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The Peruvian government called on northern Andean communities around the country's largest gold mines to end environmental protests and return to the negotiating table.
The energy and mines ministry (MEM) said it has put together an environmental plan after monitoring two rivers for pollution in Cajamarca region. The Cajamarca communities of Hualgayoc, Cutervo, Santa Cruz and Chota, which lie near the Yanacocha, Cerro Corona and Tantahuatay mines, have staged roadblocks and closed food markets since May 16.
"The state recognizes the right to freedom of expression and the people's demands within the rule of law," the ministry said in a statement. "The ministry seeks dialogue, more so because meetings with Hualgayoc representatives have made progress in the demands being made by the people of this province."
State mining remediation agency Activos Mineros has received 45mn soles (US$15mn) to clean up 173 environmental liabilities in the zone, while another 20mn soles will be assigned to tackle other areas, the ministry said. Environmental agency OEFA has also fined local miner Minera San Nicolás for dumping waste into rivers near its Colorada mine, the ministry said.
Cutervo, Chota and Santa Cruz, which lie in one of Peru's poorest regions, are also demanding the government speed up previously promised public works such as road paving, according to newspaper La República.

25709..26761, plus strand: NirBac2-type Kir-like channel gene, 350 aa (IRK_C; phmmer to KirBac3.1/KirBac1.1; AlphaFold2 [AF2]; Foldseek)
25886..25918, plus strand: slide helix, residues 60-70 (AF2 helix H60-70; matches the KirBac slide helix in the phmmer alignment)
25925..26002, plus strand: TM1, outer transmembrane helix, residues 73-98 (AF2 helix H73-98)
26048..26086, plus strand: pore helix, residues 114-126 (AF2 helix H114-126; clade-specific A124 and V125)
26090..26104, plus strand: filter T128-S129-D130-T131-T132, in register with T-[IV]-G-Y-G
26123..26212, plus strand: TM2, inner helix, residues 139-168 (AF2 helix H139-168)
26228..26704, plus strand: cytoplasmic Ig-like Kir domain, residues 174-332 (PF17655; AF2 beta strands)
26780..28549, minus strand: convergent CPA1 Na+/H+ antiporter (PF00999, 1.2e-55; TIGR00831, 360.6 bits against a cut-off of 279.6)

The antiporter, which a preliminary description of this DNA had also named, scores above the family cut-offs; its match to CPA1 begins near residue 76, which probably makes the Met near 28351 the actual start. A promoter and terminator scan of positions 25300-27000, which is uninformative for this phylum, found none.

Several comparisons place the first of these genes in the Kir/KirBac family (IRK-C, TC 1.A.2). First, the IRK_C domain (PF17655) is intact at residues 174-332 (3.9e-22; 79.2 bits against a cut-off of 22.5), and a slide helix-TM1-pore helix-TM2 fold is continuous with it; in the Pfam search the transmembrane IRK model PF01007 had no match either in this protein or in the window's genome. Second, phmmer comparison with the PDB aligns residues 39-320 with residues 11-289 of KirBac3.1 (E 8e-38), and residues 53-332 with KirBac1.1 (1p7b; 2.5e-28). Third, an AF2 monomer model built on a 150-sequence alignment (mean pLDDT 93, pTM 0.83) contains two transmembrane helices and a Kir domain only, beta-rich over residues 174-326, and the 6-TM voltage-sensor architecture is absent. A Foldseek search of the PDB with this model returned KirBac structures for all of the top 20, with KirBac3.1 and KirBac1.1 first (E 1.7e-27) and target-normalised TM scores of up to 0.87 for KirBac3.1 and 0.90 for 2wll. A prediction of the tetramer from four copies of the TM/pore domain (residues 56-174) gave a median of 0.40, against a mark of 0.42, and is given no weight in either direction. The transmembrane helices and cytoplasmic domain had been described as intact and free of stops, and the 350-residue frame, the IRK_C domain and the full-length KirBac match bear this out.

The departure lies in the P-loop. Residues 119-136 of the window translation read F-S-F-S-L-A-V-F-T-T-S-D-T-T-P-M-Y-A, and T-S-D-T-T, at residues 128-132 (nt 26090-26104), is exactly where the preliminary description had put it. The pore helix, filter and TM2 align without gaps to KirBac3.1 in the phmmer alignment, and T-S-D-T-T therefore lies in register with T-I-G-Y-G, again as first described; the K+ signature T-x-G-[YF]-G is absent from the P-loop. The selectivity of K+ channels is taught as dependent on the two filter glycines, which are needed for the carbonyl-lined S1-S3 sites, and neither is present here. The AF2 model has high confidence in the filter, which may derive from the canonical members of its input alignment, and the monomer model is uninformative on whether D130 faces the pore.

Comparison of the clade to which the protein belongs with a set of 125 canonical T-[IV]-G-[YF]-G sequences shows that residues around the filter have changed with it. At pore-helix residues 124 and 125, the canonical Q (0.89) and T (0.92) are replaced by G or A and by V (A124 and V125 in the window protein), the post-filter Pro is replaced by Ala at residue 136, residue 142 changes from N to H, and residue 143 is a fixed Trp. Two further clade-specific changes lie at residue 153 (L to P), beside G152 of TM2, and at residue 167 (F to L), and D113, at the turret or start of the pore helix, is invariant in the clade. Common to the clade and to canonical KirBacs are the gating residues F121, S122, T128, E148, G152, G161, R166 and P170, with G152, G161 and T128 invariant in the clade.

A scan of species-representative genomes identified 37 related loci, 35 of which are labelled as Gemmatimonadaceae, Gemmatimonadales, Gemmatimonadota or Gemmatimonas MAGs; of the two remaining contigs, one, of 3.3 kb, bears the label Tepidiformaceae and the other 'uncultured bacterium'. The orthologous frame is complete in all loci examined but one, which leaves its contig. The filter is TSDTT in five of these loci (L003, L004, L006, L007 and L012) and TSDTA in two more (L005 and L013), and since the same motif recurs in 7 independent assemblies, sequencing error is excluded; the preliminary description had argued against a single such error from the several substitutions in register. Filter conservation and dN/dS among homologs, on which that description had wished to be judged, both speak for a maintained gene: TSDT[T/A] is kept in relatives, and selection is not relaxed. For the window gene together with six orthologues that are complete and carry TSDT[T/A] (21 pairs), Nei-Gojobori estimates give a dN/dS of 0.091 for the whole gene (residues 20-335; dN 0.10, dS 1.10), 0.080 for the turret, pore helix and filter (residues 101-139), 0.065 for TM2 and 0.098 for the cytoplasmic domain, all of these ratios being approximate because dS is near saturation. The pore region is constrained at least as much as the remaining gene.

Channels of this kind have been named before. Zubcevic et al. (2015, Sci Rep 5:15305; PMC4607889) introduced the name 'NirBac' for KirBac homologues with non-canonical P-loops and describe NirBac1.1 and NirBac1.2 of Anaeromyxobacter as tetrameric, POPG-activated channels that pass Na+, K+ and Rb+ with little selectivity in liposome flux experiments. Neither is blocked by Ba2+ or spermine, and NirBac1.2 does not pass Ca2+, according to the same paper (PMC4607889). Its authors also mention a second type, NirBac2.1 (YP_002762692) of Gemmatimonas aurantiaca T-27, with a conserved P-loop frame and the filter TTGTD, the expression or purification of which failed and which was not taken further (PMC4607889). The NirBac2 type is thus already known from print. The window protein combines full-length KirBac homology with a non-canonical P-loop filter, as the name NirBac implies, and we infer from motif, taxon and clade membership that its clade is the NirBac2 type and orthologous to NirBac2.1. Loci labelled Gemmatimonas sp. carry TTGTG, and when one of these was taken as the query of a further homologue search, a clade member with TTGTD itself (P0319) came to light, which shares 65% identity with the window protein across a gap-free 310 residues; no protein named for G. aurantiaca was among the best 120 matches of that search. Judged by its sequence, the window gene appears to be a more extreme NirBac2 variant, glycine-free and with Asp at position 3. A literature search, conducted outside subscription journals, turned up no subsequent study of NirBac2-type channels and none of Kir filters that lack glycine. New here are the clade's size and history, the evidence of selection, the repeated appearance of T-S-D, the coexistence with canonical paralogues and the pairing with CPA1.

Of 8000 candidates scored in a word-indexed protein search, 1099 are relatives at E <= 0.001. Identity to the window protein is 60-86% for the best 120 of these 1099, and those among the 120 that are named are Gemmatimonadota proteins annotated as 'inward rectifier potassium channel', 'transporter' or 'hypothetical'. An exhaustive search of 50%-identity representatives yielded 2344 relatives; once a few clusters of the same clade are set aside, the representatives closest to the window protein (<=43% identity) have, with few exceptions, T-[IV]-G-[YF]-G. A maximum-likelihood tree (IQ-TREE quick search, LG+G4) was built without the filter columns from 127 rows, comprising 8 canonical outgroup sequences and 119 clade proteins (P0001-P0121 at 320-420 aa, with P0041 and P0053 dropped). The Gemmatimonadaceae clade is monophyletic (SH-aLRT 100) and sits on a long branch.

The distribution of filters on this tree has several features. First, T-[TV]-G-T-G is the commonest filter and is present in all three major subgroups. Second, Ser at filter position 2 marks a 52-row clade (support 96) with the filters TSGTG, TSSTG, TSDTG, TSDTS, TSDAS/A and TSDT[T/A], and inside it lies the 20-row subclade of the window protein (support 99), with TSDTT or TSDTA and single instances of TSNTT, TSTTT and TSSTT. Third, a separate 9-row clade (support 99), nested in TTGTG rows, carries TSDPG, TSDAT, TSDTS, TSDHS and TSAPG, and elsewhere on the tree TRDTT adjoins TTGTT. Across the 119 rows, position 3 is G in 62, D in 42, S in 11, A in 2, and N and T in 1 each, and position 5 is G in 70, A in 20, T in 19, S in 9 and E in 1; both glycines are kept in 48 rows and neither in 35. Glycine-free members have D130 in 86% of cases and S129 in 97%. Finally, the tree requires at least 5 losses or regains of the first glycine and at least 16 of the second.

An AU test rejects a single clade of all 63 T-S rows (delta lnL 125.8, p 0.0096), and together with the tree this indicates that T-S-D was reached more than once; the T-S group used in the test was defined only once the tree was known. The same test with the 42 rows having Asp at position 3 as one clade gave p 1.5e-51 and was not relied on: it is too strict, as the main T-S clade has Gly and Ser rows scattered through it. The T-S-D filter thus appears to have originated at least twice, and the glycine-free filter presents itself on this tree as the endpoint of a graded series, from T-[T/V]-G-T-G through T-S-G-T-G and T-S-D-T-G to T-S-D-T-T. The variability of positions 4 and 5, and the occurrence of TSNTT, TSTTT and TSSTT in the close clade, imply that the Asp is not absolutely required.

Yanacocha, whose output peaked at 3.3Moz in 2005, is expected to produce 630,000-660,000oz gold this year, down from 917,690oz in 2015, while Johannesburg-based Gold Fields' Cerro Corona mine expects production to drop to 260,000oz gold equivalent this year from 295,600oz in 2015.
Tantahuatay, a JV between Peru's Buenaventura and Phoenix-based Southern Copper which produced 144,782oz gold and 879,832oz silver in 2015, set this year's guidance at 145,000-155,000oz gold.
The protests have had no impact on operations, Newmont spokesperson Omar Jabara said via email.
The number of social conflicts in Peru rose to 209 in April from 208 the previous month as political tensions were exacerbated by the presidential elections, according to the ombudsman's office.
The country held presidential and congressional elections on April 10, in which jailed Cajamarca regional president Gregorio Santos, who has spearheaded opposition to mining projects in his region, received 4% of the national vote.
In the presidential election, former congresswoman Keiko Fujimori and ex-finance minister and banker Pedro-Pablo Kuzcynski will face off a run-off on June 5. President Ollanta Humala is scheduled to step down on July 28.